Through all of this, she's faced with Adeline Clay. Everyone locally wants to woo Adeline, including the museum Ruthie works for. But Ruthie's history with Adeline's ex is something that Ruthie has tried hard to put behind her, something Adeline's presence makes quite difficult.

And as Adeline becomes more and more popular in Orient, it begins to seem to Ruthie that Adeline is gaining everything Ruthie herself is losing.

It's hard not to sympathize with Ruthie even though her situation is one of her own making. Her summer is something of a train wreck and it's pretty impossible to look away. But she's humanized also, meaning that even though as a reader we're able to see Ruthie's missteps, it's easy too to imagine making the same mistakes ourselves.

Also, Ruthie is more down to earth and real than many of her other Orient counterparts. There's a level of snobbery to the story that would be overwhelmingly off-putting without Ruthie's more balanced normalcy.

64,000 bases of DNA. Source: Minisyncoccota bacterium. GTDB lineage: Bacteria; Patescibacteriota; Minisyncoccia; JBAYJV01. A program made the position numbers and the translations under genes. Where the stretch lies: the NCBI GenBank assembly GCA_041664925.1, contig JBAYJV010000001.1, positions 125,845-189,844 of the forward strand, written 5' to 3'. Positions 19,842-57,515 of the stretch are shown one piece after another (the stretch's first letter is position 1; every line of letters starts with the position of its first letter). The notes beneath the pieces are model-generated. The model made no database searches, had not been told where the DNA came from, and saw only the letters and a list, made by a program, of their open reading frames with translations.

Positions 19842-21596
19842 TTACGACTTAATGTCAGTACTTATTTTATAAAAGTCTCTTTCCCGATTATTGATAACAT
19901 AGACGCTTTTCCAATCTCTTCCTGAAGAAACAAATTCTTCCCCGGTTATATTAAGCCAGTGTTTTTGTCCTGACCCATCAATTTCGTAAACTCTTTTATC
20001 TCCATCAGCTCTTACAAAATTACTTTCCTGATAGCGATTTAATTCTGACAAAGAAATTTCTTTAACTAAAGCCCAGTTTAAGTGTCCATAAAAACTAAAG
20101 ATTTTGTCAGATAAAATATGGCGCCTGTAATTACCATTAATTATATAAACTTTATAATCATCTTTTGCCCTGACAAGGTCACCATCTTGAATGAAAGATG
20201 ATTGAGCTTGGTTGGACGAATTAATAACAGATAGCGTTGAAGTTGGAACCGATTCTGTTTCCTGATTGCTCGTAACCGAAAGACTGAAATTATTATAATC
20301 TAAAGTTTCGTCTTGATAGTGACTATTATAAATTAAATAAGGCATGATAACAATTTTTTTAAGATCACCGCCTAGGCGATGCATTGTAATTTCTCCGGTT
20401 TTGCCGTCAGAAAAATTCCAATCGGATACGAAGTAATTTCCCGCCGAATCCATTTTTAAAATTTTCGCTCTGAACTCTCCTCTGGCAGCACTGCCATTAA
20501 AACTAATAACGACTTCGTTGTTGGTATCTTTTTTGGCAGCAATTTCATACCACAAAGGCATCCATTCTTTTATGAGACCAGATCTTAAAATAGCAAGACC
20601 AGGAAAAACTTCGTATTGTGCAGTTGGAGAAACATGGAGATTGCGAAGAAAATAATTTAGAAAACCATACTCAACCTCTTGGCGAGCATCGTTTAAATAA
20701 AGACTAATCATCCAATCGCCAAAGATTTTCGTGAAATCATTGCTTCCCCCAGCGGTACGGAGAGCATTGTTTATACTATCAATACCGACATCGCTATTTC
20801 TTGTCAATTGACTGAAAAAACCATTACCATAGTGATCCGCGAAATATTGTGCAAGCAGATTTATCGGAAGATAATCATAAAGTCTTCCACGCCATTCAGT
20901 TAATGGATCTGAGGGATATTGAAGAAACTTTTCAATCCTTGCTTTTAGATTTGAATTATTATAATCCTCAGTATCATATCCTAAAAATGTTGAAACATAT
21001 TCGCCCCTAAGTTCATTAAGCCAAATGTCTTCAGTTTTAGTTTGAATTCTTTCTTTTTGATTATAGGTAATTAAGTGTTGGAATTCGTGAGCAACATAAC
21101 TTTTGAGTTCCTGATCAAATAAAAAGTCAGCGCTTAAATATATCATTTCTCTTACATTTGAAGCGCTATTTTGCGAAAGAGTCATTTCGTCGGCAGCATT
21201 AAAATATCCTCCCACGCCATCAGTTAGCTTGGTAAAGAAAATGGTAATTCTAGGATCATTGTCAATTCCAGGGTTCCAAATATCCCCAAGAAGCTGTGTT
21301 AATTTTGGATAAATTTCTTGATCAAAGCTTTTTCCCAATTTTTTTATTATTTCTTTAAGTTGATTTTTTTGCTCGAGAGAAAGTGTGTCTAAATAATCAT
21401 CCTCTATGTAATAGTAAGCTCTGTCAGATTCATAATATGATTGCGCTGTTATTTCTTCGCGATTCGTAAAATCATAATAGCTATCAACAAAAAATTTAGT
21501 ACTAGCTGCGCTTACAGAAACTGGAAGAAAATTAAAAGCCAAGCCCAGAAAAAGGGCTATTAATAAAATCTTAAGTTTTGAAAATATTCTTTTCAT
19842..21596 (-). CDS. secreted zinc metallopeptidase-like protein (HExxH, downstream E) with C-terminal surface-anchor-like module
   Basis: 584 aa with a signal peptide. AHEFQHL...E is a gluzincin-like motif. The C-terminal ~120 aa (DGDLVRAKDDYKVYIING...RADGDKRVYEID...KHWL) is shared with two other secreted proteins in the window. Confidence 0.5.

I loved the social commentary, I loved the setting, and I really loved the fact that this is such a summer read! It did make me long for the beach and/or a pool to read alongside, though :)

Tuesday, July 3, 2018

Trial on Mount Koya by Susan Spann

It's my favorite time of year, y'all: Susan Spann's latest book birthday!!!

Today I'm a stop on the TLC blog tour for the latest installment in the Hiro Hattori series, Trial on Mount Koya. 

In the aftermath of the events at Iga, Hiro has been tasked with traveling to Myo-in, a Buddhist temple at the top of Mount Kōya. With Father Mateo (and Gato) by his side, Hiro is to share orders to a fellow shinobi stationed at the temple. This man is to travel the road between Kyoto and Edo to warn the other Iga agents about the attack on Iga. But before the man can get started on his mission, he is brutally murdered within the temple's walls. With a storm raging and just ten fellow priests and four travelers, including Hiro and Father Mateo, the suspect pool is small. Hiro and Father Mateo once again agree to help unravel the mystery, but as the storm rages on it becomes clear the killer isn't finished. Can they unmask the murderer before the killer is the only one left standing?